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Rawlins Econo Lodge to 1603.6 to 1620.6 (18.5 miles)
Back on the trail today, into the Great Divide Basin. This section is somewhat notorious on the CDT for several reasons. First, it is wide open sagebrush and desert like. Trees are rare. Second, it is mostly dry. You get spoiled in Colorado (NOBO) with not having to think a lot about water. Now we are back to planning longer water carries like back in New Mexico, and may have to deal with less-than-desirable water sources. Third, Wyoming can be windy and you are exposed to any thunderstorms. Last, it is one of the longer sections without resupply, about 120 miles. However, the trail is mostly dirt roads or two-track Jeep trails and has much less vertical on average. Because of this, some hikers will complete a 24 hour challenge, where they see how many miles they can complete in one 24 hour period while in the basin. We are not going to do that. Our plan is based mainly on available water sources to avoid dry camping where we can.
I got hiking first since I am concerned how my shin will do. The first 15 miles of the hike once outside of town follow alongside a highway, but not right on it. Then the trail turns away and runs mostly northwest across the basin.
My shin felt far better than several days ago, but was still sore. But I hiked at a decent pace. Our goal today was a spot near a BLM campground about 3 miles after the trail turns away from the highway. There is one water source along the way. The first night will be a dry camp, which requires having enough water to reach the next source and for supper and breakfast.
Overall the hike went well for me. The weather was clear and cooler than normal for most of the day. The trail was far enough from the highway that you couldn’t see it at times. I was careful to stop and stretch more often, and take ibuprofen occasionally.
The CDT was back to some of its old tricks. It would be along a road for a short time, then take off cross country without a sign. But if you looked carefully across the sagebrush, you might see a small marker in the distance. Many of the markers had been blown down. At one point our map showed a gate at a fence line. But there was no gate. Pack off and under the fence. Things like this don’t even bother me any more; it’s just the CDT. I looked quickly both directions to ensure there wasn’t a gate nearby and then just went under. Pack on, and off again.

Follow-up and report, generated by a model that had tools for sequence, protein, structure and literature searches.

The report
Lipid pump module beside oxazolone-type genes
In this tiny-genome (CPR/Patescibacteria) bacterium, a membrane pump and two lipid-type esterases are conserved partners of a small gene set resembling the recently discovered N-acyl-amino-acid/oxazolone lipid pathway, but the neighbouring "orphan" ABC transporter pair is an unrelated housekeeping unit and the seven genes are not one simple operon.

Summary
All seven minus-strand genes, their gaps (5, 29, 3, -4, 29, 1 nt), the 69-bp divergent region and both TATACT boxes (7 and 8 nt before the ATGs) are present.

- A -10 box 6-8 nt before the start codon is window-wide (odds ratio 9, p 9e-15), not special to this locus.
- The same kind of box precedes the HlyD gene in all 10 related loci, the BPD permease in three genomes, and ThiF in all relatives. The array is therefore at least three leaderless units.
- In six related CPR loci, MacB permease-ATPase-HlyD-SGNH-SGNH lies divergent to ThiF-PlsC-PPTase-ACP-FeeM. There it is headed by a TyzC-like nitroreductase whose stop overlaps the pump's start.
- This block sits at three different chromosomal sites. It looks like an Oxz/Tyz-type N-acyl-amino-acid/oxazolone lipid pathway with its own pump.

The water source was called Fish Pond, which was enclosed by a wooden fence to keep cows away from the spring itself, though water flows from the area to a pond for cows. Within the enclosure was a piece of metal culvert set vertically with a lid that collects some of the water and prevents bugs and debris from fouling the water. Good, fresh, cool water. It is 16 miles to the next water source, so I collected 3 liters for that, plus 1.5 liters for camp. Additionally, it is always a good idea to ‘camel up’ which simply means drinking some water while at the water source. I normally drink about a liter, spread out over 30 minutes. It was time for lunch anyway.
The trail followed the highway more closely as it became constricted by narrowing terrain and descended to where the trail departs the highway for good. We had reports that the first several miles of trail at that point were not marked at all and was in bad shape. We elected to go a little further on the highway and follow a road that intersects the CDT slightly past the bad section.
With the trail descending into a wide open area, I could see our campsite area for an hour-and-a-half before I got there. During this last part, thunderstorms could be seen developing north, west, and south of me, but it remained sunny where I was. I reached our goal before 5:00. Just Jim and Pockets had waited for a shop to open in Rawlins before departing and Feral had relaxed a little longer in town before starting. I was unaware of this, so didn’t set up camp, waiting for them in case we decided to go further. While waiting, the man who was supporting his wife in the CDT drove up and stopped to talk. His trail name is T, and hers is J. She had selected a campsite about 1.5 miles past ours and would be by shortly.
When the gang all arrived, we decided to camp at our selected spot, since there was open ground, though it was a crusty clay mixture. Nearby storm clouds were dissipating and created some good photo opportunities. Then a group of wild horses almost walked through our camp. This is something I had been wanting to see, and Pockets was ecstatic to see them. An overall good day of hiking.